Health care reform committee struck

The Yukon government is trying some quiet diplomacy to bring the opposition parties on-side with plans to reform the health-care system.

The Yukon government is trying some quiet diplomacy to bring the opposition parties on-side with plans to reform the health-care system.

Wednesday, a new committee staffed by the leaders of Yukon’s three parties, Health Minister Glenn Hart and others met for the first time.

At the meeting, Premier Dennis Fentie and Hart asked the opposition to prepare their own recommendations on how to bring the territory’s rising health-care costs under control.

Nearly two years ago the Yukon government was warned that spiraling health costs, if left unchecked, would produce an annual funding gap of $250,000 million by 2018.

Bringing these costs under control will require tough choices, the report warned at the time. It offered 43 different recommendations.

Hart has promised that the most controversial, the reintroduction of health premiums, won’t happen under his government.

He has yet to publicly indicate which recommendations he will adopt. But Liberal Leader Arthur Mitchell, who attended Wednesday’s meeting, said the territory plans to start with public wellness campaigns, based on the hope that if Yukoners took better care of themselves, they would become less-expensive liabilities as they age.

A wellness strategy is in the works. And the government is even toying with the idea of rebranding the Department of Health and Social Services as the Department of Health and Wellness Services, said Mitchell.

Both Mitchell and the NDP’s Steve Cardiff hailed the Yukon Party’s decision to bring them into the decision-making process through the new committee as unprecedented.

Rather than hold a news conference to announce the new committee, Hart instead took out a two-page newspaper advertisement on Wednesday. He has now declined several requests for an interview about the territory’s plans to control health-care costs.

The advertisement deals with several criticisms of the territory’s health plans in a glancing fashion. It acknowledges that the Yukon Hospital Corporation has been put into the construction business, with plans to build new hospitals in Watson Lake and Dawson City, because it allows the territory to build these projects with borrowed money.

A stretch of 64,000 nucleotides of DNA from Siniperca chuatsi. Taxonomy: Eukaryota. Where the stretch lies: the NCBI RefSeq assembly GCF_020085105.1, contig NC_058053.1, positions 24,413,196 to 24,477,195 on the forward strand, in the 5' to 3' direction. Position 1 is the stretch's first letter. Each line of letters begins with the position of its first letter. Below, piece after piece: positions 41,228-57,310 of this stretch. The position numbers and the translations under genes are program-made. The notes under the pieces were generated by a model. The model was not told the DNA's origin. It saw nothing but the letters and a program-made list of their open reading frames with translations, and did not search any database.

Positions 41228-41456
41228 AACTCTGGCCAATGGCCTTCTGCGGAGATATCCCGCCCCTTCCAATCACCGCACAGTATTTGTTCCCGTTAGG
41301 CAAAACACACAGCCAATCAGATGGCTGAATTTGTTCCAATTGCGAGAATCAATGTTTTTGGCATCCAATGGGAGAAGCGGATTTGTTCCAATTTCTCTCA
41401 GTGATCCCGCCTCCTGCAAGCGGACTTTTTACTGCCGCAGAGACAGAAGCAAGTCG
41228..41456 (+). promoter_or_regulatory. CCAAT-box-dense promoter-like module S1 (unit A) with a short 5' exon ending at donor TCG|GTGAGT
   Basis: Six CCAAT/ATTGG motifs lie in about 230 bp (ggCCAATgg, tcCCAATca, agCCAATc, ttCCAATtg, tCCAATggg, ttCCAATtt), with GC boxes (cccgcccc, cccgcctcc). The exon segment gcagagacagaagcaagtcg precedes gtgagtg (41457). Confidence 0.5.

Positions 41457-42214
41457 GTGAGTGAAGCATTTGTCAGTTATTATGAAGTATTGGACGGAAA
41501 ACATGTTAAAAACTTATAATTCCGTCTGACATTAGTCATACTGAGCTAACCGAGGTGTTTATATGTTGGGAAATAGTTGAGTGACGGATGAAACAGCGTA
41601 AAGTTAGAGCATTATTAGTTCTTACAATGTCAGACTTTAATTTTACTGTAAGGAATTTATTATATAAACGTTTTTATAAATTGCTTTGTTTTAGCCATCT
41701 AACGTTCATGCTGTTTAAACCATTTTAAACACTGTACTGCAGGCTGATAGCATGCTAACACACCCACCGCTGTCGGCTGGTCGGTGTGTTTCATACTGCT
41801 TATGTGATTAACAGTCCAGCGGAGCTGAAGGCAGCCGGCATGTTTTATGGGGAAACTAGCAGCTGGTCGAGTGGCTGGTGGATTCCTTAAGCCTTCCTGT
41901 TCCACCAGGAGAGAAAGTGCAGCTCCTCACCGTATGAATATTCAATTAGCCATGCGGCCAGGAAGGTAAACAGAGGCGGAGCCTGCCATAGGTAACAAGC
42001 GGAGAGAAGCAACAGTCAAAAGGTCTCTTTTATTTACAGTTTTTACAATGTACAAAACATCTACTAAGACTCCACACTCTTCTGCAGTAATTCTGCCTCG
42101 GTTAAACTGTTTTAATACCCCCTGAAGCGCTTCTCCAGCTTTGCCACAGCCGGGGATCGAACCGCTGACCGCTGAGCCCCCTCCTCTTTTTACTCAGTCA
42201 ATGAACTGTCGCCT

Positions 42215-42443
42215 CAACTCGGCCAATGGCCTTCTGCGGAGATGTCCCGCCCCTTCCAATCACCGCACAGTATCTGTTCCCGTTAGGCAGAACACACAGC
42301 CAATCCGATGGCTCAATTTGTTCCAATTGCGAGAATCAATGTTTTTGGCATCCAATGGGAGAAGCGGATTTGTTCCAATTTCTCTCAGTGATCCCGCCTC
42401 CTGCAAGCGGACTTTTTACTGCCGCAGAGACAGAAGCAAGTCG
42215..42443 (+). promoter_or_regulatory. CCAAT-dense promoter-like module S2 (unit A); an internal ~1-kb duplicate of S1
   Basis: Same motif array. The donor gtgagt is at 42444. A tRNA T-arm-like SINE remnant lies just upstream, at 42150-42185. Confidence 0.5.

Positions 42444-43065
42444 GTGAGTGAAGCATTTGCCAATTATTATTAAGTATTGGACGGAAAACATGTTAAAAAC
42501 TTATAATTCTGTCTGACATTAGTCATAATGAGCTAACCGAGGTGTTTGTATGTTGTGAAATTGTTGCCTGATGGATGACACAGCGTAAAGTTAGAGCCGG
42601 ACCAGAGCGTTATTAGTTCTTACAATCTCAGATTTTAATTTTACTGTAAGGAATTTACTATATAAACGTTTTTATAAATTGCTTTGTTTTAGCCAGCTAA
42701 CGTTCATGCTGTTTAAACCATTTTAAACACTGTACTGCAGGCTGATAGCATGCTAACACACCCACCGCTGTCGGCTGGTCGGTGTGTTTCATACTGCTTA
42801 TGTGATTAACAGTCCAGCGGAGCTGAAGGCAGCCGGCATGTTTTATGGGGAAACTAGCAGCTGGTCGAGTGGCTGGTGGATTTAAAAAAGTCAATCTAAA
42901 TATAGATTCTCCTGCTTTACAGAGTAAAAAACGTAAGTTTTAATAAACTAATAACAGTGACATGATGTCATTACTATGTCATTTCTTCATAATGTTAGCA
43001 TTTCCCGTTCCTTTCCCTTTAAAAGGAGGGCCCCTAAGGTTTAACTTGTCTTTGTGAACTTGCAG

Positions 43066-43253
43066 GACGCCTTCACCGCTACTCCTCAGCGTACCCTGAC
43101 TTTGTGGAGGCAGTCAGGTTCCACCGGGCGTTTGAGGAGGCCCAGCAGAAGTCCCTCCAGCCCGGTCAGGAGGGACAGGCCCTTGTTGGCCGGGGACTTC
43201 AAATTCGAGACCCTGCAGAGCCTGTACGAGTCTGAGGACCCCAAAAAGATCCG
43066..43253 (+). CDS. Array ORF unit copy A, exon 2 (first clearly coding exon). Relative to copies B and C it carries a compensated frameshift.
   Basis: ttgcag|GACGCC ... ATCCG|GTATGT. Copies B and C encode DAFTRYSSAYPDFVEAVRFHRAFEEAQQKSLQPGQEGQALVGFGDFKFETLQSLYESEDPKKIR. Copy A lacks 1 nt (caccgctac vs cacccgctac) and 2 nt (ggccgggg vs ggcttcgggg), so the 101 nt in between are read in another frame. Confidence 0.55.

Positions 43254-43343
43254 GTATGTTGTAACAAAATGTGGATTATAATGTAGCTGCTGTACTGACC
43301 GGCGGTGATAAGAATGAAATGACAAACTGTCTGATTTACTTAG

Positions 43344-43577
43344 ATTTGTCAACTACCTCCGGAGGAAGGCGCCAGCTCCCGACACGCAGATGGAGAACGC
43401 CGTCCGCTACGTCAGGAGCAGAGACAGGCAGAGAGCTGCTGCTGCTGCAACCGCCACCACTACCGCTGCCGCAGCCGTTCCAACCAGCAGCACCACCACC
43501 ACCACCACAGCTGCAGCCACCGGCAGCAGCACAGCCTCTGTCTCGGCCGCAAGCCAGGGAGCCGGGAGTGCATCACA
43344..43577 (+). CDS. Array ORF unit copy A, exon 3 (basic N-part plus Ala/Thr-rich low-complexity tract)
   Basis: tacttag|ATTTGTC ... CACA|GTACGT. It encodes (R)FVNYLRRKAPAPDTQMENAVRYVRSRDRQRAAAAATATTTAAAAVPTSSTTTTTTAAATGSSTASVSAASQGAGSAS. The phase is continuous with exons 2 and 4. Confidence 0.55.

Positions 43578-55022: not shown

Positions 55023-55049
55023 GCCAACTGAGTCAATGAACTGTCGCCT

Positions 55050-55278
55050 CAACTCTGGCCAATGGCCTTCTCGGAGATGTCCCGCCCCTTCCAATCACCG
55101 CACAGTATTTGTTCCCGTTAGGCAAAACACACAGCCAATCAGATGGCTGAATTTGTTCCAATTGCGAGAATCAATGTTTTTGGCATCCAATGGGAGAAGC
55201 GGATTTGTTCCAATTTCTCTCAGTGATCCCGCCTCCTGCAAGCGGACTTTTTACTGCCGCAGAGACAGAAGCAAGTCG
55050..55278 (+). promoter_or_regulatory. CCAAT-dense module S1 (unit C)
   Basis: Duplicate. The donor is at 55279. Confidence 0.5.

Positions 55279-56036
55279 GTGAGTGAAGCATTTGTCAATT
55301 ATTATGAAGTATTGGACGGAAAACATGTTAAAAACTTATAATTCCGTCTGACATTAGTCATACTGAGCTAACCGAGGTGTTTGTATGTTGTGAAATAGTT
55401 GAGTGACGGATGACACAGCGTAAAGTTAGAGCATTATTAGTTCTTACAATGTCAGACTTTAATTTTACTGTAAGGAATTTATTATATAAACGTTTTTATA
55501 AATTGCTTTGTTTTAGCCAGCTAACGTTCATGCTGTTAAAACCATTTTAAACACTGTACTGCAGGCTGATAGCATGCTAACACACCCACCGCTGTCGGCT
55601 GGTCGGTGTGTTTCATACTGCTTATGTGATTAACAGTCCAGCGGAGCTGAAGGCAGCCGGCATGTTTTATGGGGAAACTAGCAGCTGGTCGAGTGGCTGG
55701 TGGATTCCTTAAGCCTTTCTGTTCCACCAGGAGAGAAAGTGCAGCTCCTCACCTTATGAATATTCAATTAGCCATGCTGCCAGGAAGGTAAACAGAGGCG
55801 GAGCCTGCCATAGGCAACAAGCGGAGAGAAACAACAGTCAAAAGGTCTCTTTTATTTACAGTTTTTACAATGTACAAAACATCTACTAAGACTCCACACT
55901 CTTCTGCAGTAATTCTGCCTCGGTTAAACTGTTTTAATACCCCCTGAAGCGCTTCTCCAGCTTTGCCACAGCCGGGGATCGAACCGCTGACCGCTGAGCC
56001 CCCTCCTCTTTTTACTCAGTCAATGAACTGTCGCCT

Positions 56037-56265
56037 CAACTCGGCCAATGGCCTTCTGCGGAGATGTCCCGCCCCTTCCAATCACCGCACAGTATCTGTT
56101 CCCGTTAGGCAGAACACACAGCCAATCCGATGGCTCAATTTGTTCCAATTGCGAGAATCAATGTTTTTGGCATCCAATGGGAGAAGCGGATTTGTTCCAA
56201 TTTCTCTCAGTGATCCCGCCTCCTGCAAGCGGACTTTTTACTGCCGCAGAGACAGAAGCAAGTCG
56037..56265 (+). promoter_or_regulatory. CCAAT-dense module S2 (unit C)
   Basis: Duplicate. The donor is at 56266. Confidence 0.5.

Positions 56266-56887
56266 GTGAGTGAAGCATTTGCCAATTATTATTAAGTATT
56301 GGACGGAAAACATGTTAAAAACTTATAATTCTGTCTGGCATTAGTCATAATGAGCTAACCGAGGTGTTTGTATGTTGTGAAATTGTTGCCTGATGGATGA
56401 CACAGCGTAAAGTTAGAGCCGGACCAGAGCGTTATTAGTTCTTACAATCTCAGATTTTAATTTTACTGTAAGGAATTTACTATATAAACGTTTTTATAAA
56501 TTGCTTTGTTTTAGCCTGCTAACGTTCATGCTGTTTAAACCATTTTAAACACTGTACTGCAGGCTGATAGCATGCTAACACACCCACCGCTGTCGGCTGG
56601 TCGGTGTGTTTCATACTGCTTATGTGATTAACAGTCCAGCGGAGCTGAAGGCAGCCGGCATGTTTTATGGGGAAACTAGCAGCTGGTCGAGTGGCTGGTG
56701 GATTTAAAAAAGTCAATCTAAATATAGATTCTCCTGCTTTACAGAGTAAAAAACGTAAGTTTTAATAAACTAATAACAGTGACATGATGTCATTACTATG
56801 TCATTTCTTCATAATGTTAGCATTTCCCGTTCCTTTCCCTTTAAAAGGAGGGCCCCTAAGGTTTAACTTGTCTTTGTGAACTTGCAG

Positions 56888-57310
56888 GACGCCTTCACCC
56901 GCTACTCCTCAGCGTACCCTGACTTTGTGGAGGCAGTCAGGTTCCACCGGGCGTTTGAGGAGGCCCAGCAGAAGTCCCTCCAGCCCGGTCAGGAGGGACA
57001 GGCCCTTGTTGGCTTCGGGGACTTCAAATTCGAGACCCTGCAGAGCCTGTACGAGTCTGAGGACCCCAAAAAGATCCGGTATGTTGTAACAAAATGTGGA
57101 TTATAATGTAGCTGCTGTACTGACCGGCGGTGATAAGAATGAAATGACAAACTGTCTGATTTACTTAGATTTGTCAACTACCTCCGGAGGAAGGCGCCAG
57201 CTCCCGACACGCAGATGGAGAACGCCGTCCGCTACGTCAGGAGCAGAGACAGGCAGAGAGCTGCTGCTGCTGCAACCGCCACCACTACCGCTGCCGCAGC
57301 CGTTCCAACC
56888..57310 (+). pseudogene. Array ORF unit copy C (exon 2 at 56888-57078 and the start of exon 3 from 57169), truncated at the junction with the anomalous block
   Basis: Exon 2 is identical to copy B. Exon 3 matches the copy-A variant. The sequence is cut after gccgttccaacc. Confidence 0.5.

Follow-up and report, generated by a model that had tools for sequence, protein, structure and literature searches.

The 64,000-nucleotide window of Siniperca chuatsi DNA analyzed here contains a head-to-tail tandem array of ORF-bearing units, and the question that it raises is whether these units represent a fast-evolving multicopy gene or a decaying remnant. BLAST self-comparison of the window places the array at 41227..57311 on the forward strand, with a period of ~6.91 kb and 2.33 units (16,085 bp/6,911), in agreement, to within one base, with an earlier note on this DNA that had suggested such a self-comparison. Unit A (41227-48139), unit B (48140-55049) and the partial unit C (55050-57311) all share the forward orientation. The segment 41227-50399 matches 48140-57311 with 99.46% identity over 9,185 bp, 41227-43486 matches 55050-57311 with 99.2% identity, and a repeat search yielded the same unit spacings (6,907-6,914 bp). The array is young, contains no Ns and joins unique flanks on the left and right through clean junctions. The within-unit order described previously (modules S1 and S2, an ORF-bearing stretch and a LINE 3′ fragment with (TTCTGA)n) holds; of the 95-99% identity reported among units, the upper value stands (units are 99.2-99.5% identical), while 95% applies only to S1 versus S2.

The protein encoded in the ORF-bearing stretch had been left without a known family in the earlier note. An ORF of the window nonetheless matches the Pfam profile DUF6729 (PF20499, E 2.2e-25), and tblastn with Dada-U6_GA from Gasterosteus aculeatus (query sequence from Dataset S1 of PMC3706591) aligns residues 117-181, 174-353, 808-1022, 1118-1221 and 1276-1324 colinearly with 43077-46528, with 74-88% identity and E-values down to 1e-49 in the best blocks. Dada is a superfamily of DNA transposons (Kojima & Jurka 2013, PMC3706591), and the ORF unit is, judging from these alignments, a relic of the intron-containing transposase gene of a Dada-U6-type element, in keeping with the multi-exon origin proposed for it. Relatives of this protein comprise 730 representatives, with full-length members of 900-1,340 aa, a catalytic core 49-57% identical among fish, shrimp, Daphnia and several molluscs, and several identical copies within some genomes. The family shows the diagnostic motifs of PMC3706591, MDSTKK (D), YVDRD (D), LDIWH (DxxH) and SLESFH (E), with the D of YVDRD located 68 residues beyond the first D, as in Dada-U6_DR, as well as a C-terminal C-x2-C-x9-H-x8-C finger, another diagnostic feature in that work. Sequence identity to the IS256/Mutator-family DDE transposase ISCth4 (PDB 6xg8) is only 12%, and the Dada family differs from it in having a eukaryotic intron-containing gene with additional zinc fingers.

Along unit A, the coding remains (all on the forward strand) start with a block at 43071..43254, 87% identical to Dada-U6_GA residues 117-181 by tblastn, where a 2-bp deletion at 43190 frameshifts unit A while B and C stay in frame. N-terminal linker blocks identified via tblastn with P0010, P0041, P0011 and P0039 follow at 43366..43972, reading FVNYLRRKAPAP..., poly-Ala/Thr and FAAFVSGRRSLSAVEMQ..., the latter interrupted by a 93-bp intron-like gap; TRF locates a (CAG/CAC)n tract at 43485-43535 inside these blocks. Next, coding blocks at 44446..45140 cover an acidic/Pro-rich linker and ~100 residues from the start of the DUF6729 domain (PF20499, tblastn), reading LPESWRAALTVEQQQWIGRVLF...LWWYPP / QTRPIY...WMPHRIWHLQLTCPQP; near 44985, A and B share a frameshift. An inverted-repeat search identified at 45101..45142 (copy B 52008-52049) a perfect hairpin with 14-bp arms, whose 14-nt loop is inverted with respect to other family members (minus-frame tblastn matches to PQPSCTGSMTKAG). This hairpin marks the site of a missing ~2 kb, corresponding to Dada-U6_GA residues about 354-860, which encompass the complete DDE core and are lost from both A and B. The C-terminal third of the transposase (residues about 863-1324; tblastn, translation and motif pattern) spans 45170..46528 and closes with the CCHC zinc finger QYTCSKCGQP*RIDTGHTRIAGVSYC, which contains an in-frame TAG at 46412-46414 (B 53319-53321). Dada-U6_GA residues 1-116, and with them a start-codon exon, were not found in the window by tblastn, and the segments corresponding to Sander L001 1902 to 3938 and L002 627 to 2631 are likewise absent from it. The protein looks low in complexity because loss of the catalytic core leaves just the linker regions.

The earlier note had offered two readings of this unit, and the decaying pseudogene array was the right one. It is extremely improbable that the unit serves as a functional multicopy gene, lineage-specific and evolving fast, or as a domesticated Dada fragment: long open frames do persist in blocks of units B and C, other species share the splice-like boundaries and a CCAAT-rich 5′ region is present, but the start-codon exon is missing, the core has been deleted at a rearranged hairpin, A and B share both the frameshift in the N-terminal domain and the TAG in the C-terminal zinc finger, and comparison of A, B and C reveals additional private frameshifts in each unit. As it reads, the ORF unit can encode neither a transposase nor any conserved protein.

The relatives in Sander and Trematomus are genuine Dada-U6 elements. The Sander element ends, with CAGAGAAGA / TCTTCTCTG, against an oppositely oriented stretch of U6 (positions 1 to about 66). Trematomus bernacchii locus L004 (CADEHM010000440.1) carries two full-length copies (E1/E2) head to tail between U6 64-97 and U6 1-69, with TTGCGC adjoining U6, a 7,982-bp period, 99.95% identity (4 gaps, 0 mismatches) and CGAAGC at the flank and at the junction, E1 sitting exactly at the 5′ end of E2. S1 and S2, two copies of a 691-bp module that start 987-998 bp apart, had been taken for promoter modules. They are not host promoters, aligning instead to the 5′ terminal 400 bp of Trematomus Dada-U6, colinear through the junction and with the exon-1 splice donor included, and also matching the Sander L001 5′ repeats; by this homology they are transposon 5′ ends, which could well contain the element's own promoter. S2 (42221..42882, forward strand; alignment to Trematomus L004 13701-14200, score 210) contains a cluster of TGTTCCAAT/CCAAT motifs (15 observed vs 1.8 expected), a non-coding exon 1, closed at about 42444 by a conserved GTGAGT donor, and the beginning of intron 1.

But “to suggest that the Hospital Corporation’s debt is hidden is a non-starter: the Corporation is required to report its financial state at year end in the same way as the government or any other Crown corporation,” the advertisement states.

These new regional hospitals will become necessary as new mines go online, the advertisement states.

Thank boomers for ballooning health-care costs. As Yukon’s population ages it will consume more pricey drugs and require more expensive medical procedures.

And as health care here improves, more of the elderly are now staying in the territory, rather than moving Outside.

On top of these demographic challenges, Yukon residents pay among the highest prices in the country for pharmaceutical drugs.

The territory is considering buying drugs in bulk to save money, said Mitchell. It’s in talks with western provinces to pool resources in this scheme, but these efforts have proven slow-moving, he said.

There’s also talk about a national pharmaceutical-purchasing program, but these efforts have run into resistance from the powerful drug lobby, said Cardiff.

Yukon’s elderly also enjoy some of the most generous extended benefits in the country, but it looks unlikely that the government will tamper with this soon. The advertisement offers the assurance that “maintaining a high level of service for seniors as they age is nonnegotiable for our government.”

Next month, the government will hold an “Aging Well Expo,” featuring Outside physicians and academics, with the aim of learning how to improve the government’s care for the elderly. The conference is not connected to any cost-cutting efforts, said organizer Kelly Cooper.

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